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Proc Natl Acad Sci U S A. Mar 9, 2004; 101(10): 3438–3443.
Published online Mar 1, 2004. doi:  10.1073/pnas.0400443101
PMCID: PMC373480
Cell Biology

Tumor necrosis factor-related apoptosis-inducing ligand (TRAIL) is required for induction of autophagy during lumen formation in vitro

Abstract

The molecular events regulating the elimination of cells to create a hollow lumen during tissue development are poorly understood. By using an in vitro morphogenesis model in which MCF-10A human mammary epithelial cells form hollow acini-like structures, we have observed both caspase-mediated apoptosis and autophagy associated with cells that are lost during lumen formation. Here, we show that the tumor necrosis factor-related apoptosis-inducing ligand (TRAIL) mediates induction of autophagic processes associated with lumen formation. TRAIL is up-regulated during morphogenesis of MCF-10A mammary epithelial cells in 3D basement-membrane cultures and inhibition of TRAIL signaling during morphogenesis blocks the formation of autophagic vacuoles. In addition, treatment with exogenous TRAIL induces extensive autophagy in monolayer and 3D cultures. When combined with inhibition of caspase 3 activity (by Bcl-XL overexpression), inhibition of TRAIL-induced autophagy results in luminal filling. Thus, TRAIL regulates an autophagic program during acinar morphogenesis, which together with caspase-mediated apoptotic events, results in lumen formation during MCF-10A morphogenesis.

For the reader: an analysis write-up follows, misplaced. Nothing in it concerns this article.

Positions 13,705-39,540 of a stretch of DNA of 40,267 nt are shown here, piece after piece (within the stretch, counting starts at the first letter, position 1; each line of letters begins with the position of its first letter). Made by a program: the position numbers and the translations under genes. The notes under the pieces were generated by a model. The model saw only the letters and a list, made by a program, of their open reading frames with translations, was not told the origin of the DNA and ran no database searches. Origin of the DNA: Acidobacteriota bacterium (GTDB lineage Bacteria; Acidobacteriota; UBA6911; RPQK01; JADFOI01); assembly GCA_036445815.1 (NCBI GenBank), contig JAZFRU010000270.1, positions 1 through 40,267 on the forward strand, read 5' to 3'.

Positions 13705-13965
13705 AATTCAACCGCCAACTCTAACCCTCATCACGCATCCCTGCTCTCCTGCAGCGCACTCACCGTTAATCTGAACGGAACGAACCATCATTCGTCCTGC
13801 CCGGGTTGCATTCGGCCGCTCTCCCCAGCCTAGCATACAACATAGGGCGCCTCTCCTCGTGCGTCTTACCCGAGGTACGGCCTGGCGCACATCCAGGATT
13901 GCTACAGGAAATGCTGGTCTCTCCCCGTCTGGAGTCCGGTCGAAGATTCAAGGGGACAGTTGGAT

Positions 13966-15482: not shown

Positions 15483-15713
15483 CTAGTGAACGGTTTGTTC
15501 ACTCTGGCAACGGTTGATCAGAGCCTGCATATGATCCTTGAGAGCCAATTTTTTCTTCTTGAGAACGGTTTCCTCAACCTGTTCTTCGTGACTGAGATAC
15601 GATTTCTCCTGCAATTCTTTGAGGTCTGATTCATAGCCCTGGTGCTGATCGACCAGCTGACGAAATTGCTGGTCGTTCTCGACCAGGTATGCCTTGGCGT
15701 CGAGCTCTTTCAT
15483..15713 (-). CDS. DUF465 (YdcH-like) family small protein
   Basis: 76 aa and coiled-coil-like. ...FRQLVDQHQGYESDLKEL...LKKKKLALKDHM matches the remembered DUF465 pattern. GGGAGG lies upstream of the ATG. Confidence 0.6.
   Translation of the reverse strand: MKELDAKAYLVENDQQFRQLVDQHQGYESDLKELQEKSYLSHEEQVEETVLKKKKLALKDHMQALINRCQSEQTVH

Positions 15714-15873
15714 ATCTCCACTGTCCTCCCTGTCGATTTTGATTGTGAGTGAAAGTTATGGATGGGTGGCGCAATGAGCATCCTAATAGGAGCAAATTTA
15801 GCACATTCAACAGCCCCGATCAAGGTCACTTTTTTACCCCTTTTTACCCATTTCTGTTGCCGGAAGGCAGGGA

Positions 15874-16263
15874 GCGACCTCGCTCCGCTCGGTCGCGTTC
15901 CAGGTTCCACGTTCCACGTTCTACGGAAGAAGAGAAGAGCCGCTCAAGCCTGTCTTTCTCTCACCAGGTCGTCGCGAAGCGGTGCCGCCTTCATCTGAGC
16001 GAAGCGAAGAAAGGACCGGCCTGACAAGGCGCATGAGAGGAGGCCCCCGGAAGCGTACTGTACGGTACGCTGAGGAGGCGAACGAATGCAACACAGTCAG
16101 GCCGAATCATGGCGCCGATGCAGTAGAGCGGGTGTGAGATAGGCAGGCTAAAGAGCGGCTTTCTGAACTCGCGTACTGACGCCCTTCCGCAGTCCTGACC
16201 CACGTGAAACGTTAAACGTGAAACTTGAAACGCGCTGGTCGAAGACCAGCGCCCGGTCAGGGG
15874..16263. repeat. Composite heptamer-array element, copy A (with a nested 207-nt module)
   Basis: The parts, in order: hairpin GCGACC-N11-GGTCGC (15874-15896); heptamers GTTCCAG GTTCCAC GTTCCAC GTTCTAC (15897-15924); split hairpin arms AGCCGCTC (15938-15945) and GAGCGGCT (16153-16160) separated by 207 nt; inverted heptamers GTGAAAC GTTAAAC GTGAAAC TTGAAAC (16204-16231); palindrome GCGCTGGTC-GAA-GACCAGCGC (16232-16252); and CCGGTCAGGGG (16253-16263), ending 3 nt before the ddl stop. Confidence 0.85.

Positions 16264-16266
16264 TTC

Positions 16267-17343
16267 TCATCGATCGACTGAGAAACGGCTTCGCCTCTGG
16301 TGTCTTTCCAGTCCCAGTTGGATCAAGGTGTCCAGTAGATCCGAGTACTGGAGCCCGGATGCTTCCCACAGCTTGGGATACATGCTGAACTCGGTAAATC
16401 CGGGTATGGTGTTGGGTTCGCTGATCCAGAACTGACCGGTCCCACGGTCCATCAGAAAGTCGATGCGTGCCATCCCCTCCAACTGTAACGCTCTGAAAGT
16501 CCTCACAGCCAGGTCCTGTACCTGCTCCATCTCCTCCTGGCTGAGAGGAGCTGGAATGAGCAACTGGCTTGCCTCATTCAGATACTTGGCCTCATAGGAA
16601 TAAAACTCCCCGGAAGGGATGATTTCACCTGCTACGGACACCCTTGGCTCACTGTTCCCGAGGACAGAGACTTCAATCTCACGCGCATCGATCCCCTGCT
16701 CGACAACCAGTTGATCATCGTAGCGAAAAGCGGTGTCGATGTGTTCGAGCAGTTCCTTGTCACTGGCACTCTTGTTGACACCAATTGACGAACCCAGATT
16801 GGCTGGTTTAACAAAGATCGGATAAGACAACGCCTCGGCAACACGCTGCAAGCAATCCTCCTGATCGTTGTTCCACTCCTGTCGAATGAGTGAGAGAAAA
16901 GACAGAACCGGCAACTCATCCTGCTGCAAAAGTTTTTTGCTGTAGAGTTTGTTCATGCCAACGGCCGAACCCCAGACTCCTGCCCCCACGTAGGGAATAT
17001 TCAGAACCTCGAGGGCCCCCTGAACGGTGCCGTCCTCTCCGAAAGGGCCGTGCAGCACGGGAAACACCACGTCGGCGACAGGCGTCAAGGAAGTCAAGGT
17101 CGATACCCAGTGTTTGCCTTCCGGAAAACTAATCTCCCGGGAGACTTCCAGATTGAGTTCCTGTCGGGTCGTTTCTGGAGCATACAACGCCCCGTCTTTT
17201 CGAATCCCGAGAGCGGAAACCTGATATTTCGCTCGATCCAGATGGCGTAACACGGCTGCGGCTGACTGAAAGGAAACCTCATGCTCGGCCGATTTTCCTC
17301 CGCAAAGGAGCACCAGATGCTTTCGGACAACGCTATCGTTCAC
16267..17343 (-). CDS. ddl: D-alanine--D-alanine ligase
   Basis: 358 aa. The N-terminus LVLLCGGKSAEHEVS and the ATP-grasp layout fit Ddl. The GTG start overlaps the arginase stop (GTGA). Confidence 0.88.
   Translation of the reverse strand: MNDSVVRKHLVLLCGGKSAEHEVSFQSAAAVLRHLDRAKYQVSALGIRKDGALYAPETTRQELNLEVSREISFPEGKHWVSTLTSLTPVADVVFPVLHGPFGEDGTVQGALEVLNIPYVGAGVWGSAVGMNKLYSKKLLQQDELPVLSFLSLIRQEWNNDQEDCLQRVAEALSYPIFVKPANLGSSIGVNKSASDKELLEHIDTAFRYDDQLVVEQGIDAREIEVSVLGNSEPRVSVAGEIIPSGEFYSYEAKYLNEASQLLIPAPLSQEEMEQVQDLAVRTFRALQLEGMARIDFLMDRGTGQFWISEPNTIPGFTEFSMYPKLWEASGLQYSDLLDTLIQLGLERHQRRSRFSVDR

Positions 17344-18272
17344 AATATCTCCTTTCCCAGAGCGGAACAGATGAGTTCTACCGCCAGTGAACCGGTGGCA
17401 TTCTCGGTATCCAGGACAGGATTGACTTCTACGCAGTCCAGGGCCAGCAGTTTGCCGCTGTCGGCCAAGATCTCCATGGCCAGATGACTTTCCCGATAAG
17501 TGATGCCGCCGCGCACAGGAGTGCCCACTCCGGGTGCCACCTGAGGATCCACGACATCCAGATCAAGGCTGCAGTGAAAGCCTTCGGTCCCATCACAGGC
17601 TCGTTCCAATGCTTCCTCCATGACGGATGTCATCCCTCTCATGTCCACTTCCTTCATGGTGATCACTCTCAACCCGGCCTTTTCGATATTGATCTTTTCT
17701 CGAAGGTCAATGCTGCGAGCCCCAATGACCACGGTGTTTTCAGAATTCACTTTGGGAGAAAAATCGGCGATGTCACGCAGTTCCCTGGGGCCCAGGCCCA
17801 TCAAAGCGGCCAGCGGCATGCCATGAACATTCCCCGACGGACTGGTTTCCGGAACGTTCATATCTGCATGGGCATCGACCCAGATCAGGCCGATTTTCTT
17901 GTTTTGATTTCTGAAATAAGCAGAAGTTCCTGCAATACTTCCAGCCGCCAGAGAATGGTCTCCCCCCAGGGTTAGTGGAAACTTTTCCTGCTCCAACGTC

Programmed cell death is important for the formation and maintenance of tissue architecture in multicellular organisms. Programmed cell death regulates the sculpting of structures, deletion of vestigial organs, and maintenance of proper cell number (reviewed in refs. 1 and 2). Cell death is involved in cavitation during the development of the inner-cell mass (3) and some glandular organs (4, 5). The specific molecular events that characterize and drive programmed cell-death processes associated with cavitation remain poorly understood. We have used an in vitro 3D cell-culture model employing the immortalized human mammary epithelial cell line MCF-10A to examine the molecular events involved in lumen formation. When seeded in a matrix-rich environment, MCF-10A cells form acinar-like structures that are notable for the presence of a hollow lumen (6, 7).